If you're looking for an unusual opportunity in the foreign exchange markets, look no further than the U.S. dollar. Since the financial crisis, we've witnessed quite the roller coaster in the dollar index (NYSEARCA:UUP).
During the crisis, we saw the dollar rally by over 10% as the world witnessed a "flight to quality" in which investors across the global poured capital into U.S. markets to purchase government securities, driving effective yields negative for a period of time. The next significant run-up in dollar strength occurred in 2014 and 2015 as the Federal Reserve's stimulus programs reached their natural conclusion and drew to a close. The simulative action of the central bank caused global investors to once again purchase U.S. assets to participate in heightened economic activity propelled by cheap cash.
The astute investor at this junction should be asking, "How high is too high?" Based on the run-up in the dollar strength, the most favorable reward per risk setup favors selling the dollar. For those adventurous enough to risk outright exposure to the foreign exchange markets, here's an attractive opportunity to trade against the recent dollar strength.
The core activities of any economy can be measured by a few simple metrics such as GDP, unemployment rate, and inflation. Each of these indicators in and of themselves speak very little as to the strength of the currency in which economic activity occurs. For example, if the U.S. unemployment is rising or falling, it says nothing as to the supply or demand balance for U.S. dollars. However, very interesting findings show up when we turn the data on its head and look at economic activity in relative terms.
I have found that one of the most reliable economic indicators for forecasting currency strength or weakness is something which I call "relative CPI". The idea is this - by examining the inflation rate of two rival economies, we can determine which way funds are likely to flow between the two regions. If we can determine the likely flow of funds, we can determine if a currency will weaken or strengthen, all else equal. Here's a chart of the CPI of both the Eurozone and the United States.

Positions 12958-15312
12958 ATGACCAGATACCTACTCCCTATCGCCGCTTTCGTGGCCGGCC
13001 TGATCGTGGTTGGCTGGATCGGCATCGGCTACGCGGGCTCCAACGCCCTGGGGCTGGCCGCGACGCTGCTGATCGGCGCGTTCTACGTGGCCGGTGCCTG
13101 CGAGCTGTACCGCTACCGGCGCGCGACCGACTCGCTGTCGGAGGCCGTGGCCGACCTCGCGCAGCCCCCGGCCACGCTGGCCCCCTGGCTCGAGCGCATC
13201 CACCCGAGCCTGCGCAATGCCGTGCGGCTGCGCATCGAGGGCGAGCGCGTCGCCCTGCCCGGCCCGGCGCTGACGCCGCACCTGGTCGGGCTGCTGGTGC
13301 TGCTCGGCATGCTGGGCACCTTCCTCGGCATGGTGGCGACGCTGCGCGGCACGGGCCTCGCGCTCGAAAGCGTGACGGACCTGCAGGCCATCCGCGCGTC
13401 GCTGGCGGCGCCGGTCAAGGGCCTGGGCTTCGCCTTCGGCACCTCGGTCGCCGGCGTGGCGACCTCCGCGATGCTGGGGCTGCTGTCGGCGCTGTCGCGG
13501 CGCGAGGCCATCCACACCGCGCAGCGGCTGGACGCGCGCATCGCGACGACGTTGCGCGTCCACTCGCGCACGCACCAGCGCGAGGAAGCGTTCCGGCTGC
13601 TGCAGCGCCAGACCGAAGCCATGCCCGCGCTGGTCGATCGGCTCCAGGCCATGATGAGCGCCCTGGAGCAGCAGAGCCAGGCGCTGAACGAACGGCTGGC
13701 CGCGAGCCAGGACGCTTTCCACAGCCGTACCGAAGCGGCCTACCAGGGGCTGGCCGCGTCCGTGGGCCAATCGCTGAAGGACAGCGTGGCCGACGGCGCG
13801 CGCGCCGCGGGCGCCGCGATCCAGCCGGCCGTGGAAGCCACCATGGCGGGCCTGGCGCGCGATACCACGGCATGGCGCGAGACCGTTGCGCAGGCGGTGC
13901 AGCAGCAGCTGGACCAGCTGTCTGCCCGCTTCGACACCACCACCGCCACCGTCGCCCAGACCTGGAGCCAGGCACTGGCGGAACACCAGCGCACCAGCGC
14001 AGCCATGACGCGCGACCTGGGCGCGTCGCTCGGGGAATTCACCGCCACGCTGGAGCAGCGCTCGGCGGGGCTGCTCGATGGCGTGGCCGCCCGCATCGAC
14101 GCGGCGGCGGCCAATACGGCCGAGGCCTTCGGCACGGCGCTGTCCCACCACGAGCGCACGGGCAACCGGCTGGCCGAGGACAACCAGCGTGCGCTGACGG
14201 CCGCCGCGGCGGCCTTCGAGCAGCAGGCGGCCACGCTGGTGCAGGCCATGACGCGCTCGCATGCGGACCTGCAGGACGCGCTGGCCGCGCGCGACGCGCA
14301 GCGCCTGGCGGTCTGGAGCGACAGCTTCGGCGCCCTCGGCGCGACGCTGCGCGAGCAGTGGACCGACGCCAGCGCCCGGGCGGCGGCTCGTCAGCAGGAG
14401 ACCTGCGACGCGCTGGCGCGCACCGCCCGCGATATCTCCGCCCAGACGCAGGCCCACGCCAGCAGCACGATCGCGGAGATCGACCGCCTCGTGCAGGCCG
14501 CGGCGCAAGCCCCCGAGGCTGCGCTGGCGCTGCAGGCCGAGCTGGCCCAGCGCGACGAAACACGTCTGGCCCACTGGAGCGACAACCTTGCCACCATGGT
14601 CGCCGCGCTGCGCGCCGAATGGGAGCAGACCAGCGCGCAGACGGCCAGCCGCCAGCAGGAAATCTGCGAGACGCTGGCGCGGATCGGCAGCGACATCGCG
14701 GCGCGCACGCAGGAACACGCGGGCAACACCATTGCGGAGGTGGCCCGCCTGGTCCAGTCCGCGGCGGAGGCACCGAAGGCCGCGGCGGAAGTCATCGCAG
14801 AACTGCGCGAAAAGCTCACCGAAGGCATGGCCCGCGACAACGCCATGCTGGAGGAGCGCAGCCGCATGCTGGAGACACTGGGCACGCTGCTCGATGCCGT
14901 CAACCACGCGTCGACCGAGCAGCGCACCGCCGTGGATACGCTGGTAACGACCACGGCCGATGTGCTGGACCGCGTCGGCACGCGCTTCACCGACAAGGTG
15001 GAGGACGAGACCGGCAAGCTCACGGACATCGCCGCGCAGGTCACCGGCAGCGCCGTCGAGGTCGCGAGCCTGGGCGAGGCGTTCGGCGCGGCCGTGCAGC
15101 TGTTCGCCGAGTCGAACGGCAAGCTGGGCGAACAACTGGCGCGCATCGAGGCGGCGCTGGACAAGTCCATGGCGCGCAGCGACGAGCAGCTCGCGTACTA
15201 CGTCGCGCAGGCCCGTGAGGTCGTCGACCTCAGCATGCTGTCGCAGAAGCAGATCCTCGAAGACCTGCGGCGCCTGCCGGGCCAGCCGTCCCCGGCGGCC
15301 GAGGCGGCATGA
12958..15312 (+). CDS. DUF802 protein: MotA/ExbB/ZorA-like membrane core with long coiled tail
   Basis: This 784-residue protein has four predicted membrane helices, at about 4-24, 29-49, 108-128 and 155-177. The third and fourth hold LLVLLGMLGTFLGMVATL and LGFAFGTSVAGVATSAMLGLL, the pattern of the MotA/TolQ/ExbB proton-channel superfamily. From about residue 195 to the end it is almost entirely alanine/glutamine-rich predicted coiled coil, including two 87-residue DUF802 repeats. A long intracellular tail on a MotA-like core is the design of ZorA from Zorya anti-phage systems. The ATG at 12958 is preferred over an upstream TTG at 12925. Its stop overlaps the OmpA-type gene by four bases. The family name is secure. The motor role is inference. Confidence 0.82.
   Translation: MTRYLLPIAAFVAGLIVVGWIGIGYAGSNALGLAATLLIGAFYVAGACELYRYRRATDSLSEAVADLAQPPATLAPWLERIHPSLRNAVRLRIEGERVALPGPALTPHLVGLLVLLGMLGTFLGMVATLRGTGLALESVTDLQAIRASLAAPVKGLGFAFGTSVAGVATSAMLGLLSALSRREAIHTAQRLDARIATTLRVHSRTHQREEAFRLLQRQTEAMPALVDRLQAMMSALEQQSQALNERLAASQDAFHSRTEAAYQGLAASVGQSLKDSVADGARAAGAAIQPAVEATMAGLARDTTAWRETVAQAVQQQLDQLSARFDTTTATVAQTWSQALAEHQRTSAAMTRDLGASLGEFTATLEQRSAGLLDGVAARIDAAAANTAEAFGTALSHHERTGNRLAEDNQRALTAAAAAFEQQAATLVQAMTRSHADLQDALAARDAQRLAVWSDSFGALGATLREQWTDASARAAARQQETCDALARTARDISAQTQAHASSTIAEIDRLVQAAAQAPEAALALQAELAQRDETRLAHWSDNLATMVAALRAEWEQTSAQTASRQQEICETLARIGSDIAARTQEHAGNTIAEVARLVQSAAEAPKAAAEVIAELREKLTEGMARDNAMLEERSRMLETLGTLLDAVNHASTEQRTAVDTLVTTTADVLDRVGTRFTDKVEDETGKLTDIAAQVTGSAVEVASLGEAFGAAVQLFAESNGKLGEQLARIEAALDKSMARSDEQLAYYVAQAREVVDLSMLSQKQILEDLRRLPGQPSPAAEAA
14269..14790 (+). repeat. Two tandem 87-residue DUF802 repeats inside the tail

Do you notice how for the most part, the U.S. and Eurozone experience very similar changes in CPI? This is because many of the global forces of boom and bust affect most of the world at roughly the same time. It is only when we examine things on a relative basis that we are able to strip out the global effects and focus on the relationship between the two nations.
Here's how it works. When the U.S. economy is experiencing more growth than the Eurozone economy, there will be heightened demand for U.S. dollars. The idea is that if an economy is growing rapidly, all else equal, funds will flow into that economy, propping up both the economy and the strength of the currency. As you can see in the chart below, this relationship is pretty predictive - if the economic balance between the Eurozone is shifting such that the U.S. is growing much faster than the Eurozone, the dollar tends to rise. The converse is also true.
Over the last two years, we've seen the U.S. CPI growing at a slower rate than the Eurozone CPI. When this happens historically, the dollar tends to fall over the next year. This relationship is very strong, consistent, and implies that the dollar will decline over the next year. "But wait," you say, "why the Eurozone?" I'm glad you asked.
The Eurozone is the top trade partner of the United States, representing nearly 18% of all international business - relative changes in the two economies will by necessity dictate currency direction. Since the United States' largest trade partner has started growing faster than the Eurozone, the flow of capital will inevitably leave the U.S. and make its way into the Eurozone. With the relationship already underway and the dollar near record highs, it really is time to short the dollar.
Disclosure: I/we have no positions in any stocks mentioned, and no plans to initiate any positions within the next 72 hours.
I wrote this article myself, and it expresses my own opinions. I am not receiving compensation for it (other than from Seeking Alpha). I have no business relationship with any company whose stock is mentioned in this article.
Additional disclosure: I will capitalize on this opportunity through short-term investments in the spot foreign exchange market.